plot of oscillation stress against complex modulus
Figure 2: Complex modulus data can show the onset of irreversible deformation.

Another output from an oscillatory test are the storage and loss modulus data. The relationship between the storage and loss moduli can reveal if a material is solid or liquid dominant. The point at which this relationship changes and the moduli cross can also be used as an indicator for yield stress and the advent of ‘significant irreversible deformation’ or a shift from solid-dominant to liquid-dominant behaviour.

The storage and loss modulus data unveiled some interesting behaviours that were not necessarily obvious from the complex modulus data, Figure 3. For example:

  • Paints A – D showed a larger storage modulus, indicating solid-dominant behaviour. In contrast, Paint E had a larger loss modulus, suggesting liquid-dominant behaviour.
  • The difference in the magnitude of storage and loss modulus also varied between samples, with paints A and D having the largest difference. This arguably had an impact upon the modulus cross-over point, and therefore the yield stress.

As noted above, the point at which the moduli cross can be taken as the ‘yield stress’, which is the point at which applying a stress leads to significant deformation, or flow, of the material. Using the cross-over technique, Paint A had the highest yield stress (143 Pa) and Paint C had the lowest yield stress (19 Pa). It should be noted that these yield stresses are higher than the yield stresses by the complex modulus method, and are commonly considered as the point at which significant irreversible deformation has occurred and behaviour has switched from solid-dominant to liquid-dominant.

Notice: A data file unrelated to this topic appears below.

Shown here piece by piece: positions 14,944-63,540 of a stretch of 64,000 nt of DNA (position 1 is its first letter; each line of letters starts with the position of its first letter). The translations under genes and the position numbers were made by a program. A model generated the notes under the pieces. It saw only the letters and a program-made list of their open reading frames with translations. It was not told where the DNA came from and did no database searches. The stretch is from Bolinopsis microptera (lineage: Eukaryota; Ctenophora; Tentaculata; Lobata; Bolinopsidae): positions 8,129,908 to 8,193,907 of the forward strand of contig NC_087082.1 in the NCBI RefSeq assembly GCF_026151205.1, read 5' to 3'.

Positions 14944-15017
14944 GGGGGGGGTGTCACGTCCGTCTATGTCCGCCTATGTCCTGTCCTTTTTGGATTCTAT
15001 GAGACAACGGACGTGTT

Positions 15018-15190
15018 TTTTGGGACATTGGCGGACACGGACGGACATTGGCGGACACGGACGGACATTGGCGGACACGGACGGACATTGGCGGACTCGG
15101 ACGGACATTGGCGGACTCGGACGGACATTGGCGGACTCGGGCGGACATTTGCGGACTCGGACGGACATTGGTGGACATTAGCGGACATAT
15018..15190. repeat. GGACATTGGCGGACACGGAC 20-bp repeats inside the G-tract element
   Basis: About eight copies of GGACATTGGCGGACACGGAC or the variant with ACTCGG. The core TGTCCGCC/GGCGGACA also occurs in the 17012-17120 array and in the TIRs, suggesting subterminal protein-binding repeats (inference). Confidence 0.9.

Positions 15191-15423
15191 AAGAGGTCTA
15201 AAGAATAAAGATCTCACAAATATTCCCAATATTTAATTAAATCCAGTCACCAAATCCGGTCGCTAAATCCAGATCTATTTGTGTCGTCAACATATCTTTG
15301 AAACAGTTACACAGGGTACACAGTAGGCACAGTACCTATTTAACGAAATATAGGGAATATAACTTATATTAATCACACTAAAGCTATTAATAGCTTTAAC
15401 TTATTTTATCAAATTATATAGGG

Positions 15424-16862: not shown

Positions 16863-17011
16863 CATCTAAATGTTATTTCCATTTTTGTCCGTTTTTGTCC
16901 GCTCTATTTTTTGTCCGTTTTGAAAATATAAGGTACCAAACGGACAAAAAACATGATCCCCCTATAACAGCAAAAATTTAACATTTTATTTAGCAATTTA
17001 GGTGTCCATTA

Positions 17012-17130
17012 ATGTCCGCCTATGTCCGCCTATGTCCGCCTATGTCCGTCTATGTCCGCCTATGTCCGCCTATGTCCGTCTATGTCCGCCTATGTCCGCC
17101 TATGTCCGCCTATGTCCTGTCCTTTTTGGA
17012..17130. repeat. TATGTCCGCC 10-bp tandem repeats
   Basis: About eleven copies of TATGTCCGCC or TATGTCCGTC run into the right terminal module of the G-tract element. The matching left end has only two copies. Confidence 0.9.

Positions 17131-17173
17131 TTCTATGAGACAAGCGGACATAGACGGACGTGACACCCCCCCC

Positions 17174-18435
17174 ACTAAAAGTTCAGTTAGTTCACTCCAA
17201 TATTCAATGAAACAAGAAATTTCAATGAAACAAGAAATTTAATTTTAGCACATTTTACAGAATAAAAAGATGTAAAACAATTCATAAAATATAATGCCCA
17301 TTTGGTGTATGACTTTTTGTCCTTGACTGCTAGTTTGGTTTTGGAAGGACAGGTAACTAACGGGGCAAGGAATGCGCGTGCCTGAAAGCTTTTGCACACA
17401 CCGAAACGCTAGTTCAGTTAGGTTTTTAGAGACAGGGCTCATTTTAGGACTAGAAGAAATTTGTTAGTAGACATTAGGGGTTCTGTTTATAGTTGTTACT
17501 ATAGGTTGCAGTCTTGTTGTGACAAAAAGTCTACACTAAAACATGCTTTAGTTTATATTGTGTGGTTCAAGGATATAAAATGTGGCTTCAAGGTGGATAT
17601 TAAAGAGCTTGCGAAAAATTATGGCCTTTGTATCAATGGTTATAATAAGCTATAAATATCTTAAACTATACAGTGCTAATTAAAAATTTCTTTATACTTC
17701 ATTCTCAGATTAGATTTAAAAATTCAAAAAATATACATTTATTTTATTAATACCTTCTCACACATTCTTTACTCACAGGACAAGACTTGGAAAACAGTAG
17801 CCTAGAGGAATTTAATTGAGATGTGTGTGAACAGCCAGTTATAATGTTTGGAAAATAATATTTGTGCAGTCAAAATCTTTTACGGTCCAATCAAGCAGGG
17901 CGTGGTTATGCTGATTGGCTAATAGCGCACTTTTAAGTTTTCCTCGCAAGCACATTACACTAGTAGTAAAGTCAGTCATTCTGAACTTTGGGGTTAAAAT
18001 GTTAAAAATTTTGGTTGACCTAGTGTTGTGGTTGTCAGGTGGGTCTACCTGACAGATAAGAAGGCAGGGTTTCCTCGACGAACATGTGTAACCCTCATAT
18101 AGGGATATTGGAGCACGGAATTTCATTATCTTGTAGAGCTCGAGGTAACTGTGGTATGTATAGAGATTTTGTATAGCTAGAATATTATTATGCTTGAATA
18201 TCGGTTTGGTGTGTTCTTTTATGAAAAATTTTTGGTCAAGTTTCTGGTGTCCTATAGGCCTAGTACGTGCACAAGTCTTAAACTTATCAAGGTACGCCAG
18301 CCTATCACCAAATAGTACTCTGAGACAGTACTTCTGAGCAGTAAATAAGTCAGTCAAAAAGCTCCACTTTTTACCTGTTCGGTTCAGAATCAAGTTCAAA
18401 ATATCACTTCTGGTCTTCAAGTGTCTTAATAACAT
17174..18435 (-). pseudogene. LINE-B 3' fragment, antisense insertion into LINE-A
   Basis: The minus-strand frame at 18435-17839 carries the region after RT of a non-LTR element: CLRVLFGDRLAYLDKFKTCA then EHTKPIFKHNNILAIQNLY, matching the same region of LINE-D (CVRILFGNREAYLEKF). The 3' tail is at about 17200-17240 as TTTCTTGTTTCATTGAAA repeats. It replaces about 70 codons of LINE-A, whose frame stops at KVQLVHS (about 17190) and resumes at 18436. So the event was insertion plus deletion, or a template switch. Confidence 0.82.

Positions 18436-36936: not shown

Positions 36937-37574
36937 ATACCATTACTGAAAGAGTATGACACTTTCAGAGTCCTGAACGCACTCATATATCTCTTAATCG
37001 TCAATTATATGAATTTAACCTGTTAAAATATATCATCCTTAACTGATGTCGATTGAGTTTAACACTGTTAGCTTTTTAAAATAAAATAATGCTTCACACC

Paint E did not show a cross-over point because from low oscillation stresses the loss modulus was already dominant. This means that the cross-over technique is not appropriate in this case, and the complex modulus needs to be used to determine yield stress.

Testing of Dynamic Surface Rheometry (DSR)

The first DSR experiment was to look at film formation at 25 °C over time, Figure 4. By considering the complex modulus of the interface with respect to time, a picture of the filming behaviour can be derived.

The order of paint rigidity at the interface generally mirrors that shown by the oscillatory test of the bulk material, with Paint A being the most rigid and Paint E being the least rigid at the start of the experiment. Interestingly, there is a sizable difference between the complex modulus values of Paints B and C whereas in the bulk they were similar. However, caution should be exercised as the dynamic surface rheometry attachment uses different units for the complex modulus (Pa in bulk and N/m at the interface), therefore direct comparison is not easily possible.